UPDATED, Feb. 21, 10:54 a.m.: The Corcoran Group again led the pack in residential deals in 2017, closing $6.29 billion in Manhattan deals for 2017, according to an analysis by The Real Deal. That haul — up 3 percent from $6.13 billion in May 2016 — was driven by the firm’s new development marketing wing, Corcoran Sunshine, which sold millions of dollars of properties in buildings like 56 Leonard and the Greenwich Lane.
As usual, the firm was followed by its larger rival Douglas Elliman, which logged $5.23 billion in closed sales — down 4 percent from $5.42 billion in 2016.
To determine who closed the most deals in 2017, we pulled thousands of Manhattan listings from On-Line Residential and then cross-referenced them with closed sales in public records — a firm needed to have either publicly listed the property or acted as its new development sales agent to get credit for a deal.
Collectively, the Top 25 firms closed $21.2 billion worth of listings in 2017, according to TRD’s analysis. That was up slightly from 2016’s $20.8 billion and 27 percent more than 2015’s $16.5 billion.
But the numbers don’t tell the full story. The stats in 2017 saw an artificial boost because many of the deals struck during 2015’s condo boom finally closed. In reality, it was a tough year for Manhattan’s residential brokerages as they grappled with a glut of expensive new developments and luxury resales lingered on the market.
“Anyone who tells you it was great is lying,” said Shaun Osher, the CEO of boutique brokerage CORE, adding that last year’s absorption was the slowest in two years.
“It was one of the more miserable years to be a real estate agent,” said Osher, whose firm ranked No. 10 with $347.8 million in closed sales.
Overall, however, both the number of sales and the dollar volume actually rose by 4 percent each — to 11,927 transactions valued at $24.5 billion, Miller Samuel data show.
But the majority of firms still did fewer deals in 2017 than in 2016, according to TRD’s analysis. Only nine of the Top 25 firms posted higher sales volumes.
Corcoran was one of the nine. Despite closing fewer sell-side deals in 2017 than 2016 — 1,960 versus 2,250 — the firm benefited from higher average new development prices.
Elliman, meanwhile, closed 2,380 deals — down 24 percent from 2016’s ranking, TRD’s data show. And, its total dollar volume dropped only 4 percent.
Elliman’s James said Manhattan’s one- and two-bedroom market is “tight as a tip” with demand outpacing inventory. The market up to $3 million, he added, was “pretty damn strong.”
Among the top 10 firms, Compass saw the strongest improvement — by a lot. The firm’s $1.37 billion in sales was up a monstrous 106 percent from $663.3 million in 2016. Stribling and Sotheby’s followed with dollar volume up 73 percent and 59 percent, respectively.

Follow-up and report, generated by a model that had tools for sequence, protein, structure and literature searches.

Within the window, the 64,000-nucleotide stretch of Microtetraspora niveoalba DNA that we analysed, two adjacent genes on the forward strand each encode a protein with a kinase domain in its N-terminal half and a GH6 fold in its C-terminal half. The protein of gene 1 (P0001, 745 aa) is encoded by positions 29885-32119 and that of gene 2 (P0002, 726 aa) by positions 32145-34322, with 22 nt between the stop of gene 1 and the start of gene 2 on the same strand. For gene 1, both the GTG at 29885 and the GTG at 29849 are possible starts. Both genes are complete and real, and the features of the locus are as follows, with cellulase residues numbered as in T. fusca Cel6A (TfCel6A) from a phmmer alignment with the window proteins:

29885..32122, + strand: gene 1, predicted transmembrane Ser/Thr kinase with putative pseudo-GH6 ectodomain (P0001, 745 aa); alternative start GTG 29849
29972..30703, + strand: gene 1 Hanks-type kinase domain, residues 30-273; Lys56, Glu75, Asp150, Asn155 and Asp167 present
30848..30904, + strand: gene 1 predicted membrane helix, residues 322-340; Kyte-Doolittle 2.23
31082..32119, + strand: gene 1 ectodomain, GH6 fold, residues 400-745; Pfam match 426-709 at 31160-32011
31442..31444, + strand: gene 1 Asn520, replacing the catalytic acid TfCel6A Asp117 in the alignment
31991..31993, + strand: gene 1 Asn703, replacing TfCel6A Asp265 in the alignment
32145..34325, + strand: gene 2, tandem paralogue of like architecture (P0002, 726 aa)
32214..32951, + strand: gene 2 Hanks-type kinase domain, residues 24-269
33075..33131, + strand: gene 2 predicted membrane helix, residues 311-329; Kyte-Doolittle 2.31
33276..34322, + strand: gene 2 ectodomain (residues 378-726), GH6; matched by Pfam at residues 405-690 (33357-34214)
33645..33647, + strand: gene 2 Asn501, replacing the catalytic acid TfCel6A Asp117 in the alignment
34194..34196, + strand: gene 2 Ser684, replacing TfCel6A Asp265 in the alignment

On the full ranking, No. 16-ranked Elegran Real Estate showed a sizable gain at 90 percent, closing $83.6 million deals, up from $44 million.
Stribling President Elizabeth Ann Stribling-Kivlan had two words to describe her firm’s strategy for closing sales in 2017: value play. “What Lehman taught people is to care about their pennies,” she said. “Just because you can afford it doesn’t mean you’re going to overpay for it.”
But some firms saw their numbers decline — whether because of a slower market or because they did more buy-side business.
Town, for example, finished the year with $659.6 million in closed listings, down 24 percent from $872.9 million. (TRD’s data show Town sold 321 exclusives, down from 413 in 2016.)
Town’s Andrew Heiberger, however, said that while down, his internal numbers — which include buy-side deals — showed a lower drop of 15 percent. He said Town sold just under $2 billion worth of real estate in 2017 versus $2.35 billion in 2016.
“I’m not going to apologize for doing $2 billion in sales,” said the CEO, noting that 2017 market saw “the biggest market correction since 2008.”
He said Town has sold $13 billion worth of real estate over the last seven years: “In the macro sense, we’ve had tremendous success.”
Top firms with a heavy focus on luxury were indisputably stung by lower prices and fewer deals.
According to TRD’s analysis, Brown Harris Stevens’ sell-side volume dropped 47 percent to $1.07 billion and CORE finished 27 percent down.
(BHS, however, was one of the few firms that did not provide TRD with any additional information during our vetting process and therefore likely saw its numbers undercounted.) The firm said its internal numbers — which reflected both buy- and sell-side deals — showed dollar volume dropping, but by a far lower 11.1 percent. Its total number of sales dropped by 0.8 percent, it told TRD. That dollar volume dip speaks directly to the softening prices.
“You don’t see cowboys anymore” making crazy offers, Freedman said. “It’s not a moment for aspirational pricing.”
She noted that BHS and its competitors continued to transact — albeit at lower price points.
“Price sensitivity was a constant, which is a good thing,” Willkie said. “Buyers are willing to sign contracts and close on properties when the price is justified by comparable sales.”
Editor’s note: Check out the full version of this story in the February issue
Update: After publication, Brown Harris Stevens told The Real Deal it closed $1.7 billion in 738 Manhattan sell-side deals in 2017.